At the Center for Appellate Litigation, a nonprofit, public defense firm, things don’t move so quickly.
The New York City based CAL’s clients have already been convicted of crimes and sentenced to serve time in prison. From the court’s perspective, there’s no urgency to hear their cases again. That means that the appeals process for criminal defendants is very much an uphill climb – a long, tedious struggle against an unsympathetic system.
When meeting with clients who are isolated in prison with a long road of appeals ahead, CAL public defenders Ben Schatz and Molly Schindler felt an urge to offer up a more immediate, tangible type of aid – something to make their clients’ everyday existence less lonely.
“It sort of started with me and my officemates saying, ‘Well, what can I do for you today?’” Schatz said. “‘What’s something that we can offer up to you as a token of our commitment to your case – to show you that we are serious about this, that we care about you as a human being, and that we want to help you escape, to the extent we can, the really harsh reality that you're going through?’”
Their clients’ answers were clear. They wanted books.
As a result, in 2016 Schatz and Schindler co-founded Books Beyond Bars, a nonprofit with a radically simple mission: Incarcerated people should have access to information, too.
“We're not here to take a position on what they should be reading, we're not here to educate, we're not here to impose our views on anyone,” Schatz said. “Access to information is a right that is taken for granted by pretty much everyone with a smartphone, and this is a group of people for whom that right is just as important, and so severely limited.”
Books Beyond Bars has a basic, three-step operation: the organization receives requests for books via letters from inmates, buys the requested books and sends them back out. It’s that easy. At first, BBB served only the clients of the Center for Appellate Litigation; but soon enough word got around, and now the organization regularly sends thousands of books per year to over 50 state-run facilities in New York.
Alexandra Schoenborn, BBB’s new Program Coordinator, has been volunteering with the organization as a fulfillment intern since March.
Shoenborn said she was drawn to join BBB because it’s a project where immediate action returns immediate results. “There are lots of injustices that we aren't necessarily making as much progress on as we'd like to, [but] we can help in this really small way,” she said.
The only possible hiccup in the BBB equation is the intermediary: the prisons themselves. Package examiners in prisons need to approve each book that gets sent, a potentially contentious issue in a world of book bans. Even though New York prisons are less strict than other states, books regularly don’t make the cut, and it’s not always clear why.
Schoenborn said, “We do our best — even if we're not ideologically aligned, we do have to work with them, and we definitely think it's also in their best interest to have the inmates reading and pursuing their various interests through the books that we send.” Schoenborn keeps a list of prison literature guidelines tacked up in her office to avoid sending something an inmate won’t be able to receive.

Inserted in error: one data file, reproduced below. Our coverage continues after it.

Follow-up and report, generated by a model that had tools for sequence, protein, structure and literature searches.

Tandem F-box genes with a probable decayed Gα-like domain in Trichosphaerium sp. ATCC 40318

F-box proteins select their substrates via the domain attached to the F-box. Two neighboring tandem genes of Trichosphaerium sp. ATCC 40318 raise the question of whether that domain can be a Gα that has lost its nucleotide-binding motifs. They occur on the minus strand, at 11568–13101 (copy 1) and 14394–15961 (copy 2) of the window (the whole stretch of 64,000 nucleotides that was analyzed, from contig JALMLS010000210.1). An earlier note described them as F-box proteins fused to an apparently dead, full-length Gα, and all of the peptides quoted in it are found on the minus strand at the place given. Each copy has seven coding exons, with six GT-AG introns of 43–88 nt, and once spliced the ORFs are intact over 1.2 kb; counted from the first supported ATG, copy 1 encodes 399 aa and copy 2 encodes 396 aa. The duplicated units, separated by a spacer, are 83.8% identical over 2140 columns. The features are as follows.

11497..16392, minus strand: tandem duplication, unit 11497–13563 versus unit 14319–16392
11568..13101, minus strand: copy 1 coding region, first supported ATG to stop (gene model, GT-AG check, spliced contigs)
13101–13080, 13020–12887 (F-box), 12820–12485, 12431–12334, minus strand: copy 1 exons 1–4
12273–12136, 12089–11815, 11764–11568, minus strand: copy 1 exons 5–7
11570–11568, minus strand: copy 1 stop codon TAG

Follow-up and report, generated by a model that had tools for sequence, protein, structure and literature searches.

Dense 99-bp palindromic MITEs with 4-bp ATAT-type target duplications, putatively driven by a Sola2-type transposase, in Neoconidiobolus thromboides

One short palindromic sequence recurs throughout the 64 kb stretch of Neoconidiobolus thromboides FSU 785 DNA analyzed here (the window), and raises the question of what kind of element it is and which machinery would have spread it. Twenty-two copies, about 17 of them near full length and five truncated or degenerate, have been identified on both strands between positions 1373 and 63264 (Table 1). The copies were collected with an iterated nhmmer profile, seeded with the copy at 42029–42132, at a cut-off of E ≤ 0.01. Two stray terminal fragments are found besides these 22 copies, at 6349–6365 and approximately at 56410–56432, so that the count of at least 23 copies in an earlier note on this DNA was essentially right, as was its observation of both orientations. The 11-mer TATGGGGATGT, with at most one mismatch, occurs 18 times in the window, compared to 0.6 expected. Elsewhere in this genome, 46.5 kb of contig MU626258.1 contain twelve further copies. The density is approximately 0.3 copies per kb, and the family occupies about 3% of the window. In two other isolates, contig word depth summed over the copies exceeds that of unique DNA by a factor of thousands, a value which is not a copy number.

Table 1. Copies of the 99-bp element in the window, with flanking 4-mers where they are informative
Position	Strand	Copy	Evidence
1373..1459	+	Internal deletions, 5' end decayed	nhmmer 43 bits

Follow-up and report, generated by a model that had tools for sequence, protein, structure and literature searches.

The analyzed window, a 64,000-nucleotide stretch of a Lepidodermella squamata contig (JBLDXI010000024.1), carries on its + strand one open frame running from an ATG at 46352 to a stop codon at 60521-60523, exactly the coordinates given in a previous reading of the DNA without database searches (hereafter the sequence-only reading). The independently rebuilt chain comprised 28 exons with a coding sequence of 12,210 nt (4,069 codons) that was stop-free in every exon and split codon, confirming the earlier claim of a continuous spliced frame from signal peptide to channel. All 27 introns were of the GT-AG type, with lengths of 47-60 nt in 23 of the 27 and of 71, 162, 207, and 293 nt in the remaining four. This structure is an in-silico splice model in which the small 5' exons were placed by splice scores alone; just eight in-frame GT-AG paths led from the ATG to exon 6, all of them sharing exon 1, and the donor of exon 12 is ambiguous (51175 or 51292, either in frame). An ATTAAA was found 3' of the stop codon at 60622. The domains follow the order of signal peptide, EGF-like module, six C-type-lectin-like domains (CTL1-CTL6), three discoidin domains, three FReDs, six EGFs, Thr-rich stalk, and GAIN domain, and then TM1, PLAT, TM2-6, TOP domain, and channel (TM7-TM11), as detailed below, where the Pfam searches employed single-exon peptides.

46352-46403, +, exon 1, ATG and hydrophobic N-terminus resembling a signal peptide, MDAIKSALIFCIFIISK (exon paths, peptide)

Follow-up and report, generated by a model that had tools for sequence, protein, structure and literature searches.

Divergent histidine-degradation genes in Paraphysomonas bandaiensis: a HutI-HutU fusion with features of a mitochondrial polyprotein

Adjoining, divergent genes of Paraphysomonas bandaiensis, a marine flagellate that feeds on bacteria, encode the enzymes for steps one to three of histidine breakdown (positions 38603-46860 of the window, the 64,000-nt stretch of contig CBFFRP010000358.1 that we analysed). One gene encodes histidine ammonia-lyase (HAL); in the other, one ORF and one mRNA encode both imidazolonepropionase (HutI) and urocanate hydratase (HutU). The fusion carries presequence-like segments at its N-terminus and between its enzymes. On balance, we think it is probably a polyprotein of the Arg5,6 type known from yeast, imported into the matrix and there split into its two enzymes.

He said, “I mean, we didn't invent this. There's no downside to having more and more of these [books to prisoners programs] because the hunger for literature in prisons is insatiable.”
The proof of this hunger is in the letters that readers send back to the BBB office.
“I have been incarcerated since I was 15 years old. I am currently 25 years old,” one book recipient writes. “I became interested in reading when I enrolled in a college program at 18 and received my associates at 20. Since then this is a list [of] books that have been on my wish list but because of lack of support I have not been able to achieve them,” with ten requests attached.
"Books are the best companion in prison. We’re locked in our cells most of the day and there’s only so much MTV I can watch. Reading keeps me sane – it has since I was a kid,” wrote another book recipient. One incarcerated person noted the saying, “Your (sic) a prisoner in your own mind, only if you allow yourself to be,” and added, “When I open a good book it take’s me to another place."
The letters also acknowledge that the BBB formula works. “BBB provides such an outlet; that help educate the mind, and helping the prisoners’ imagination escape the reality of their enslavement, by reading books which provides – an outlet of freedom,” said one incarcerated individual.
Having a book in hand obviously doesn’t solve the real problems at the heart of incarceration; but when those core issues take years to solve, BBB testifies to the fact that it’s still meaningful to provide moments of joy.
“I have no family and we had just gotten off a weeklong lockdown and I was feeling quite down and getting your book was just so amazing,” writes another book recipient. “Have a nice day and please keep on doing as you are, you are more needed and appreciated than you will ever realize.”